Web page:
The fundamental thing about a sonnet is that it consists of fourteen lines, (an asymmetrical form – 14 can only be divided by 2 or 7) and it is written in iambic pentameter which is a basic di-dum, di-dum, di-dum, di-dum, di-dum.
Because it is short it is good for the concentrated expression of an idea or passion. Usually there is a tension between two ideas or moods or arguments that are presented, contrasted or reconciled.
Traditionally the sonnet seems to divide up into two camps the Italian (Petrarchan) and the English (Shakespearean) forms.
The sonnet originated as a conventional form of love lyric in Italy. In the fourteenth century Petrarch wrote over 300 of them.
The seventeen lines are divided into to an octave, (the first 8 lines) and a sestet (the last 6 lines) – The argument of the poem hinges at line 9 ( the volta or turn) and there is no final couplet. The division between the octave and the sestet is clearly marked by a change in rhyme scheme.
Octave: abba, abba Sestet: one of the following: cdc cdc, cde cde, or cde dce.
Here’s an example. I’m going to use On his Blindness by John Milton (1608-74) because I’d also like to show how he moved the form on a bit into the “Miltonic sonnet”. Not liking the sharp break between the octave and sestet, he allowed the sense to flow strongly across from line 8 to line 9 (enjambement) while still maintaining the change in tone.
When I consider how my light is spent
Ere half my days, in this dark world and wide,
And that one talent which is death to hide
Lodged with me useless, though my soul more bent
To serve therewith my Maker, and present
My true account, lest He returning chide, -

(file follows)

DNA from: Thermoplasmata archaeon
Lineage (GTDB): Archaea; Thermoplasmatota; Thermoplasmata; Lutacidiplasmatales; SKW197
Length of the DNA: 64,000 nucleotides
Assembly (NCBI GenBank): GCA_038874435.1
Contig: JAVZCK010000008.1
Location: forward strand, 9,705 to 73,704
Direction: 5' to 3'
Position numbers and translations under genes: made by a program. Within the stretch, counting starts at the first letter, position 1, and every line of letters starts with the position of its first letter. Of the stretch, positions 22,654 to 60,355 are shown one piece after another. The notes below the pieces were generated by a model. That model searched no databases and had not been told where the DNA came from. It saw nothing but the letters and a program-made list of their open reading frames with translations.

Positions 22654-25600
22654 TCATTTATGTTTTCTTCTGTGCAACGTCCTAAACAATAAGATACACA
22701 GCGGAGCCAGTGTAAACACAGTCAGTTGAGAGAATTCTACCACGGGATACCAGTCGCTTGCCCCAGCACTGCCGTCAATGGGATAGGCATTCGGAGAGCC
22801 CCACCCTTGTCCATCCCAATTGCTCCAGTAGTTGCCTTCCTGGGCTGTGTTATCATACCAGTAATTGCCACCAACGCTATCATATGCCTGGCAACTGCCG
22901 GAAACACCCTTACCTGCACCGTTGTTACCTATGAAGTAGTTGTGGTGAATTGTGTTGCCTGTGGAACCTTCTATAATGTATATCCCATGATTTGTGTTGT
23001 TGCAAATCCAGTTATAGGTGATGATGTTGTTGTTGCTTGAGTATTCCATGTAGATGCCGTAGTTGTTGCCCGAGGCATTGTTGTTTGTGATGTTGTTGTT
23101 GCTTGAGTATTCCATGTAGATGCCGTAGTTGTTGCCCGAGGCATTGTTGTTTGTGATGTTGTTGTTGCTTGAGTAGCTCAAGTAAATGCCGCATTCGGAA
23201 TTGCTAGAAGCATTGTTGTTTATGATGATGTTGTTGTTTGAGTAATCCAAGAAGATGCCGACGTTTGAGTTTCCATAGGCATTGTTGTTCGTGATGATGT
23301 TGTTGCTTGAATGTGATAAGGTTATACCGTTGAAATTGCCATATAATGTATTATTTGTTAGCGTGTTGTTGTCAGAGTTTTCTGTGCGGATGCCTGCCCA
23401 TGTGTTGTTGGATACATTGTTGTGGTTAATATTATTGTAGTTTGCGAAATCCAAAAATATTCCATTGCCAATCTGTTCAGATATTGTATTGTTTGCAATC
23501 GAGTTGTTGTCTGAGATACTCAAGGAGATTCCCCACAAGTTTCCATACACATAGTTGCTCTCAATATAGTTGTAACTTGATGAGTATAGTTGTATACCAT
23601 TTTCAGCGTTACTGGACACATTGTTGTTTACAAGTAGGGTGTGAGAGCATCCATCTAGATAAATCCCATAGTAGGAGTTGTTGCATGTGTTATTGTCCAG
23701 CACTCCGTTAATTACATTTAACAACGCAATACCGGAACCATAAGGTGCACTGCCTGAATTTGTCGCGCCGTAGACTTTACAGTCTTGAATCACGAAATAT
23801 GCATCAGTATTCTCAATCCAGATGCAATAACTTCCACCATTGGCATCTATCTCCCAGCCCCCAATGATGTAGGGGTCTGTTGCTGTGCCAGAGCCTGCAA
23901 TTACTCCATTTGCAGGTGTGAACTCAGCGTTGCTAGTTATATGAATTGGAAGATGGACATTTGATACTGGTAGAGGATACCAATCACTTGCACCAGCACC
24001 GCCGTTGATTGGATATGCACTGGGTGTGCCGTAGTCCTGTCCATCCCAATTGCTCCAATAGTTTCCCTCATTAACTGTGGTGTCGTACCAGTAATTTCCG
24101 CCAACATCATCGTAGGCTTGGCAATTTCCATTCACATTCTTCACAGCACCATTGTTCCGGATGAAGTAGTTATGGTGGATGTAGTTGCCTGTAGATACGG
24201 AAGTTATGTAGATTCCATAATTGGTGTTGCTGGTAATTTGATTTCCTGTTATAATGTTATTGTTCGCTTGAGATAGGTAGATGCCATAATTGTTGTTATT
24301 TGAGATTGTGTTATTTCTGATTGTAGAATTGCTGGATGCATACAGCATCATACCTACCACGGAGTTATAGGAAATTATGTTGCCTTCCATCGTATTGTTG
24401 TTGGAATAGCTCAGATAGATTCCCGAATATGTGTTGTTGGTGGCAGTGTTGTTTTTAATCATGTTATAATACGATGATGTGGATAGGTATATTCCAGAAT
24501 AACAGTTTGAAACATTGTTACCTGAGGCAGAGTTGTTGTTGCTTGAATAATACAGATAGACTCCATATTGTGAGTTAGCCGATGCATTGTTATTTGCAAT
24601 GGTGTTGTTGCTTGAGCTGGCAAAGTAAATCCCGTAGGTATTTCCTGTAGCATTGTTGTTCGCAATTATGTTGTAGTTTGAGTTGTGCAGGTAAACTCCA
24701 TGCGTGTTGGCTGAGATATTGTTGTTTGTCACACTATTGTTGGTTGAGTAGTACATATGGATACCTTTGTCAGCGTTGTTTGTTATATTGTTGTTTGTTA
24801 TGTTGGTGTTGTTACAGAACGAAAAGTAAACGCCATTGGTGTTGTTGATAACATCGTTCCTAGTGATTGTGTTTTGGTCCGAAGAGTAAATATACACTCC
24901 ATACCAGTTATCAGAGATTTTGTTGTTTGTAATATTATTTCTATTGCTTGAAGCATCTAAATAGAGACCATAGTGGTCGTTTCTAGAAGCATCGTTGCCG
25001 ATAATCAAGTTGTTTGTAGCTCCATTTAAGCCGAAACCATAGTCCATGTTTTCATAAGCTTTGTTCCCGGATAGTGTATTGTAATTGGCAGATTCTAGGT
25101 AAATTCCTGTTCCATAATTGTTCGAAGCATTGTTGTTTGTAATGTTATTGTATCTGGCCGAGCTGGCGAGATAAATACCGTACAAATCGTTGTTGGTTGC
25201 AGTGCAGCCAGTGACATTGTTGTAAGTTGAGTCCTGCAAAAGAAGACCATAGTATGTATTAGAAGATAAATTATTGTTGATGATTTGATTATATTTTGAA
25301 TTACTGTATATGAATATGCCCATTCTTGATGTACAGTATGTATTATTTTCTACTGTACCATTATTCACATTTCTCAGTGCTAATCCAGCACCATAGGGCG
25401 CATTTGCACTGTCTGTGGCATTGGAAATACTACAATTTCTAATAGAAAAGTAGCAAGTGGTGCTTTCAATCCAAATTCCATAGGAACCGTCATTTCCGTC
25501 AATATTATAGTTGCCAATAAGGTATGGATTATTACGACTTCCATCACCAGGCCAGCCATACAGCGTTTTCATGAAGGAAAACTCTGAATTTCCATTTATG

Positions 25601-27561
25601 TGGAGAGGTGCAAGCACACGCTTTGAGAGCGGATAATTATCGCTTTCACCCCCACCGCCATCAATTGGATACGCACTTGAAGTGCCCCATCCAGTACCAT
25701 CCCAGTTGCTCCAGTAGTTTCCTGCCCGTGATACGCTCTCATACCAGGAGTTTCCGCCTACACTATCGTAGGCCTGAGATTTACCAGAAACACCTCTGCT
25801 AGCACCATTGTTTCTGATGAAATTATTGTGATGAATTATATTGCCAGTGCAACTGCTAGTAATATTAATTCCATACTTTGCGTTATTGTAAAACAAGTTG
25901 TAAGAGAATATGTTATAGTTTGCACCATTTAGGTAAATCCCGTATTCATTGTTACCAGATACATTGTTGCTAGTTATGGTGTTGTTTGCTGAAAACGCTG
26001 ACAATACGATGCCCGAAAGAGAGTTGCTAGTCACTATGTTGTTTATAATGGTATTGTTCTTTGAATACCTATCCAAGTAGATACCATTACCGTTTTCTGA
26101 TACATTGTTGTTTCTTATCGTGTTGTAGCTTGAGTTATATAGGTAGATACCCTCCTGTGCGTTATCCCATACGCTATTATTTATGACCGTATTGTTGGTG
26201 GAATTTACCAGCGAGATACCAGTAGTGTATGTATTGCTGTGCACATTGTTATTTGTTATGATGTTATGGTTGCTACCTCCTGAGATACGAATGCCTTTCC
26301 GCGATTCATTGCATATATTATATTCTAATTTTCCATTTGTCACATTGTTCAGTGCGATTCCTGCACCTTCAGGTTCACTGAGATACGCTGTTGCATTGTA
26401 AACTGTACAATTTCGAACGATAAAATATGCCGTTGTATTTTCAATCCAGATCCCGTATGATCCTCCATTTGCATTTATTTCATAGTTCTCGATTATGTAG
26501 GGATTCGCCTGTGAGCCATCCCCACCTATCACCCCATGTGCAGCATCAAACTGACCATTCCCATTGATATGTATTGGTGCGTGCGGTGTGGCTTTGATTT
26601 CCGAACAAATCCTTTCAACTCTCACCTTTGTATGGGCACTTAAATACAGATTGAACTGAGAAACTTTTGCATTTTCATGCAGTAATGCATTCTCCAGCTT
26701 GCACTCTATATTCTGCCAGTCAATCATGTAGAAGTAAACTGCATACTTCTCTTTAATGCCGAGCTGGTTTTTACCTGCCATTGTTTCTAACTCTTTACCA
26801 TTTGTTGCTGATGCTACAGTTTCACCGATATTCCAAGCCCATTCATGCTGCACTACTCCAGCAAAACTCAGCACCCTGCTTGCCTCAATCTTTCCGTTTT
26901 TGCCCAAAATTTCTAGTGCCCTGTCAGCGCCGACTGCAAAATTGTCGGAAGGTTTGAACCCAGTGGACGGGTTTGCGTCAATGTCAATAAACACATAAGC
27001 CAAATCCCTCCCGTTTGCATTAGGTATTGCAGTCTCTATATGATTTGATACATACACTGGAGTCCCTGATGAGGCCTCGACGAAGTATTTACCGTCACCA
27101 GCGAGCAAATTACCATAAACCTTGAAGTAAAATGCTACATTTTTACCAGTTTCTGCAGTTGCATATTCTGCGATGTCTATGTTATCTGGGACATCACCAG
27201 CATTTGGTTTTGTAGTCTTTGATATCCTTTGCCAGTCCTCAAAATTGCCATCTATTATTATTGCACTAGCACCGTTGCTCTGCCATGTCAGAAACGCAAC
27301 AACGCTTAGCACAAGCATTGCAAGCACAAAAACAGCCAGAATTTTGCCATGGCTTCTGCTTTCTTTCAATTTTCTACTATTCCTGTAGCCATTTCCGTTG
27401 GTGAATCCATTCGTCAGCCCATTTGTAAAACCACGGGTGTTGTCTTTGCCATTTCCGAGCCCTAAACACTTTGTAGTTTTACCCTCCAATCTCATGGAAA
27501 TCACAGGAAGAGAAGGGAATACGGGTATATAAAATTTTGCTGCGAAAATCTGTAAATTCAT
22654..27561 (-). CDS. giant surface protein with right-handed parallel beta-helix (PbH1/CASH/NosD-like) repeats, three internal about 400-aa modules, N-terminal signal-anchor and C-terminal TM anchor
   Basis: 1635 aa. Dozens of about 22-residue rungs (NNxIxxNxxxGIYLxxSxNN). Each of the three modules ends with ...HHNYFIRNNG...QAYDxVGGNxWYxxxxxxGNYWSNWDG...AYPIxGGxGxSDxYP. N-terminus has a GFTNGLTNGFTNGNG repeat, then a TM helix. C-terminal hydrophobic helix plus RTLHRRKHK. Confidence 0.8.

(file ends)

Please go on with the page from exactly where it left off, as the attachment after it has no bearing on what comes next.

Doth God exact day-labour, light denied?
I fondly ask:- But Patience, to prevent
That murmur, soon replies; God doth not need
Either man’s work, or His own gifts; who best
Bear His mild yoke, they serve Him best: His state
Is kingly: thousands at His bidding speed
And post o’er land and ocean without rest:
They also serve who only stand and wait.
The Petrarchan sonnets were translated and introduced into England by Sir Thomas Wyatt (1503-42) where the form evolved into the Shakespearean form, which allowed more variation in the rhymes (it being harder to rhyme in English than Italian.)
The rhyme scheme is simple four groups of four (quatrains) and a couplet: abab cdcd efef gg but it is harder to make this form work really well as so much rests on the last two lines.
The sonnet still divides up into two sections but now twelve lines stand against the final two. Ideally the argument should progress as follows:
Quatrain 1 – set down an idea
Quatrain 2 – develop it
Quatrain 3 – bring it to some kind of culmination
Couplet – subvert, overturn or massively endorse the preceding 12 lines
Here is an example, from Shakespeare (1564-1616), of course
When, in disgrace with fortune and men’s eyes,
I all alone beweep my outcast state,
And trouble deaf heaven with my bootless cries,
And look upon myself, and curse my fate,
Wishing me like to one more rich in hope,
Featured like him, like him with friends possessed,
Desiring this man’s art and that man’s scope,
With what I most enjoy contented least:
Yet in these thoughts myself almost despising,
Haply I think on thee, and then my state,
Like to the lark at break of day arising
From sullen earth, sings hymns at heaven’s gate;
For thy sweet love remembered such wealth brings
That then I scorn to change my state with kings.
I should perhaps mention a hybrid form, the Spenserian sonnet.
It still retains the 12 + 2 form but the 3 quatrains are nicely interlaced:
abab bcbc cdcd ee
So basically it combines the difficult bits out of each of the other forms – a limit of 5 rhymes and a final couplet
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